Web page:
New Research Shows Acting will Boost your Memory


Acting can be an absolute game-changer for your memory, especially in older generations.  


Within our rapidly ageing society, the need to develop ways in which to encourage and sustain independent living is increasing considerably. Psychologists around the world are working ceaselessly to diminish the effects of mild cognitive impairments such as a lacking prospective memory, which could be an early indication of Alzheimer’s disease – a debilitating and life changing condition. 

Prospective memory impairment can be described simply as forgetting to carry out an action that you had prior planned in your head. A common example is forgetting to take your reusable coffee cup to your local café each day. You have every intention of doing so up until the last minute when you walk out of your front door without it. Prospective memory impairment can also have far more serious effects on your life, safety and the safety of others around you. For example, you may constantly leave the iron or the heater on, or even forget to take your medication.

Psychologists from the University of Chichester have carried out many experiments hoping to reduce the likelihood of prospective memory impairment cases and the subsequent development of Alzheimer’s disease. The experiment, which was published in psychology journal “Neuropsychology”, found that the most successful results came from a study that compared the memory performance before and after the introduction of an enhancement technique, such as acting. Participants in the study acted out the activity or action that they had intended to do.

Within all age groups, raging from 18-87, there was a highly noticeable improvement in prospective memory after acting. This was especially noticeable in the older people carrying out the experiment who were already in the early stages of Alzheimer’s disease. The people involved in the experiment would act out the motion, such as turning off the oven, in intricate detail. This simple act drastically changed the person’s ability to remember to do the actual task when the time came and reduced the changes of the person forgetting to do it ever again.

Age related illnesses such as Alzheimer’s and dementia are becoming more and more prominent as our society ages. Discovering ways in which to reduce the harmful and debilitating effects of these diseases is essential in establishing a positive outlook in regards to the livelihood and lifestyle of the older members of society.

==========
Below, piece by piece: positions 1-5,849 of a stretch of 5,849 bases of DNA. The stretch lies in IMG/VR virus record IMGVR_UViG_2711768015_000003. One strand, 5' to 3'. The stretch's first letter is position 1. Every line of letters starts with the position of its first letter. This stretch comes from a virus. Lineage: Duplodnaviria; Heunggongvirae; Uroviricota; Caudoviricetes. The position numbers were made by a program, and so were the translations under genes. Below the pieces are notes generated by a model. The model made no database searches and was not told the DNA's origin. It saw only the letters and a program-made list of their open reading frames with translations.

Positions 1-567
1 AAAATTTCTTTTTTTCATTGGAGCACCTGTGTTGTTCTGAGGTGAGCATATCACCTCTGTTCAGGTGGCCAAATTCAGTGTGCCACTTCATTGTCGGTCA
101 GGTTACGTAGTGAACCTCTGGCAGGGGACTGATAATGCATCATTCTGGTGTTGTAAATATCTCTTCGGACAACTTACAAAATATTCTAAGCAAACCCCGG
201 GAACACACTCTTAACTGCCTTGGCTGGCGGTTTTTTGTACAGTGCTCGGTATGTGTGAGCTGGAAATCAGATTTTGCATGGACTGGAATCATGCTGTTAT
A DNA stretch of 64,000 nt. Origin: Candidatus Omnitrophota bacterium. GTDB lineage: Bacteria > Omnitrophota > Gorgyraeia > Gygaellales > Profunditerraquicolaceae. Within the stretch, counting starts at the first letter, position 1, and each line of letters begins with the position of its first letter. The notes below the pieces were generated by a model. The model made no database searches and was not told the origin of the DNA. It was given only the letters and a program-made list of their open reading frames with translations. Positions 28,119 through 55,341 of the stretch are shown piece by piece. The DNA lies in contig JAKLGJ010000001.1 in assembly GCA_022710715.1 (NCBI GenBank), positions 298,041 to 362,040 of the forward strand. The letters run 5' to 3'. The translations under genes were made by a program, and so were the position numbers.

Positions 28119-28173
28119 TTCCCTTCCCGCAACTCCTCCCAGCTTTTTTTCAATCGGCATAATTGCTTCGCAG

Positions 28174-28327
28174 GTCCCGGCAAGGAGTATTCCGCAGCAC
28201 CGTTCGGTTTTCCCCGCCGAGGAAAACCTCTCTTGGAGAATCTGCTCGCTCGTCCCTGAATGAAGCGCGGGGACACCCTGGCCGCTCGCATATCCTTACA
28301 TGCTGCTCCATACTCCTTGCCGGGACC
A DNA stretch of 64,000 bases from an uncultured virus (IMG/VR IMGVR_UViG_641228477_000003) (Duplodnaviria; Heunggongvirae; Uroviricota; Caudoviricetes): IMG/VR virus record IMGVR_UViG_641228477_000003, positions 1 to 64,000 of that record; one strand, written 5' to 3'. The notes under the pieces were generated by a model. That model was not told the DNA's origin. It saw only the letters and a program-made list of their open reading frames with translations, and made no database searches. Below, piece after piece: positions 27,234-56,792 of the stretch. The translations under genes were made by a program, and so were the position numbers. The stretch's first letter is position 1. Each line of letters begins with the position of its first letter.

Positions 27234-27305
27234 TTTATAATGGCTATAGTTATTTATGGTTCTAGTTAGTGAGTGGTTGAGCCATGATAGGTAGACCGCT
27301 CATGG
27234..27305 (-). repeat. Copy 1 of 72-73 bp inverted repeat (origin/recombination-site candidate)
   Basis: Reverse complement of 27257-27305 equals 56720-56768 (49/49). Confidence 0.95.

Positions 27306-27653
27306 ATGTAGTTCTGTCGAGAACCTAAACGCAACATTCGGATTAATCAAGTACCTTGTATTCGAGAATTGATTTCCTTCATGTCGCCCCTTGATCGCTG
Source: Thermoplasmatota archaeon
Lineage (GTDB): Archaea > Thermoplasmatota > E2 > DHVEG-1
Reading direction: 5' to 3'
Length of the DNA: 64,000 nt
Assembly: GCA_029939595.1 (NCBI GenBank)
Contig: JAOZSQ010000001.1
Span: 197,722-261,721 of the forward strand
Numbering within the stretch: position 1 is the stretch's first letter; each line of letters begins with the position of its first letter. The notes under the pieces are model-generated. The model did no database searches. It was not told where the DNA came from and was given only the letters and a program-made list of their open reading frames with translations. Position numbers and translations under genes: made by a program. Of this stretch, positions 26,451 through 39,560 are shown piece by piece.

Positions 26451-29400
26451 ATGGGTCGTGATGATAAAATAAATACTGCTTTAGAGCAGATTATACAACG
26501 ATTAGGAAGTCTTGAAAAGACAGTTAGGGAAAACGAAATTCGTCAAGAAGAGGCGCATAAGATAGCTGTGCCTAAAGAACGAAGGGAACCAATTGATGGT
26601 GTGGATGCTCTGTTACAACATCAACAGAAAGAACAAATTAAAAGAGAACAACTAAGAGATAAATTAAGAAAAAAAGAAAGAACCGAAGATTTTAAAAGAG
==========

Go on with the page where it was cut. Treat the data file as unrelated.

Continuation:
Easing the changes of slipping deeply into Alzheimer’s disease, rather then just simply ageing, works towards older people living cost effectively and independently, as we all know how expensive age care homes can be. Maintaining a healthy prospective memory also helps ensure a safer and more stable environment for older people, who are more likely to remember to take medication in the morning and turn off the oven or heater when they leave the house.

This therapeutic answer to enhancing prospective memory is a profound and cost effective finding that could help sustain independent living in older generations. Alzheimer’s disease and mild cognitive impairments are debilitating and are become much more likely as we age. It is fantastic to discover that something as simple as acting can be a game changer in lessening the disheartening effects that prospective memory impairment can have. Acting out motions in an effort to remember to do them can help to sustain a lifetime and will play a huge advantage in the later years of your life.


Story Source:  Materials provided by University of Chichester. (Content may be edited for style) (The photograph provided bears no relation to the study.)